Being a lean fish, branzino is a low-calorie choice, with a pound of fish containing 300 calories and no unhealthy saturated fats. However, despite branzino being a non-oily fish, you will still get a good dose of heart-healthy omega-3 fatty acids, which help fight stroke, obesity, and hypertension.
Making branzino part of your diet provides you with an immune booster, an anti-cancer agent, and a promotor of bone growth.
If you have concerns about the levels of mercury and other toxins in branzino, rest assured. The US-FDA lists European sea bass as a “best choice” as it has low levels of these toxins and is safe for infants and children.
How Do You Cook Branzino?
A firm, white fish with a mild taste, branzino lends itself to various cooking methods and flavor profiles. You can eat it whole, butterflied, filleted, or even flaked into pasta, stews, and casseroles.
Ensure that your fish is gutted, scaled, and washed before cooking it.
Which Cooking Methods Are Best For Branzino?
The most popular ways of preparing branzino include grilling, sautéeing, steaming, and roasting.
Roasting And Grilling
Most recipes you’ll find for branzino are for roast or grilled whole fish. Roasting a whole fish is an ideal cooking method as branzino is a relatively small fish (a two-pound fish is perfect for two people) with a simple bone structure and easily removable bones. So, if you’ve never cooked a whole fish, branzino is an ideal fish to start with.
Roasting a fish whole with bones intact ensures a lot more flavor, while the fish’s skin chars and crisps up beautifully, and the flesh remains moist.
If you’re nervous about cooking a whole fish, get your fishmonger to scale and gut it for you. If you prefer that, they will remove the head or even butterfly your branzino for you for grilling convenience.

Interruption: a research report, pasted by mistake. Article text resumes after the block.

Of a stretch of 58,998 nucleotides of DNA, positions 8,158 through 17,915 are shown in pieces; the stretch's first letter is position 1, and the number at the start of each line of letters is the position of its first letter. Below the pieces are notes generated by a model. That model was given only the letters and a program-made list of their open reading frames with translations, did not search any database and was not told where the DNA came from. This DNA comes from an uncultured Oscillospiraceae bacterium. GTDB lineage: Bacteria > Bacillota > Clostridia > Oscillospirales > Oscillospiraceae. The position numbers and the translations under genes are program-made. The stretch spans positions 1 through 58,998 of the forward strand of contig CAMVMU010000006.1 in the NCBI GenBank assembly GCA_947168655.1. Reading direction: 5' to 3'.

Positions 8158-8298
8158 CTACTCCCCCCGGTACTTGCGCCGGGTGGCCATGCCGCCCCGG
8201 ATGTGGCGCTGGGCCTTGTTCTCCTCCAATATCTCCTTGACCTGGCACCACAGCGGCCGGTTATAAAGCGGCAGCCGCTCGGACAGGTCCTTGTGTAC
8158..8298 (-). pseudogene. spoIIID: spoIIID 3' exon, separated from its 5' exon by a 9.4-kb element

To bake or roast branzino, season it with salt and pepper and then stuff with lemon and herbs. This preparation is typical of Italian and Greek traditions for cooking branzino.
Although you can grill branzino on the barbecue or in the oven, roasting the fish in a paper wrapper (al cartoccio in Italian) ensures that the fish remains moist and tender.
It will take about 25 minutes to roast stuffed, whole branzino at 325⁰F. Always let fish rest before serving. If you’ve got a filleted or butterflied fish, it will only need four to seven minutes per side on the barbecue or under the grill.
Garnish grilled branzino with a twist of lemon and fresh herbs.
With its delicate, flaky flesh, branzino is also delicious steamed. Season the fish with lemon juice, herbs, a dry rub, or Asian-style seasonings, like lemongrass, lime leaves, and chili.
Either serve the fish whole, or flake the cooked fish into a pasta, pie, or casserole.
Pan-frying and sautéeing are excellent methods of cooking branzino fillets, preventing them from drying out.
Use olive oil (or combine butter and olive oil) for flavor and to crisp the fish’s skin. Drizzle with lemon juice once the fish is done, or finish it with soy, oyster, or teriyaki sauce.
How Do You Know Your Branzino Is Cooked?
According to the legendary cooking authority James Beard, you should cook fish for ten minutes per inch, whichever cooking method you are using or the type of fish you are cooking.
However, it’s best to recognize the signs of doneness in fish: cooked fish has firm flesh, looks opaque, is not translucent, and flakes easily with a fork. Test fish by gently prodding between the flakes with a sharp, thin-bladed knife.
If you are nervous about cooking fish, use an instant-read or meat thermometer to check that it is thoroughly cooked. Ensure that you cook your branzino until the center or thickest part of the fish is 145⁰F. If you prefer your fish slightly rare, cook it to 120⁰F.
Remember that your fish continues cooking even when it’s taken off the heat.
Which Flavors Go With Branzino?
Being a Mediterranean fish, you’ll find inspiration in flavors from this region. However, branzino’s mild flavor also makes it an ideal fish for Asian-style preparation.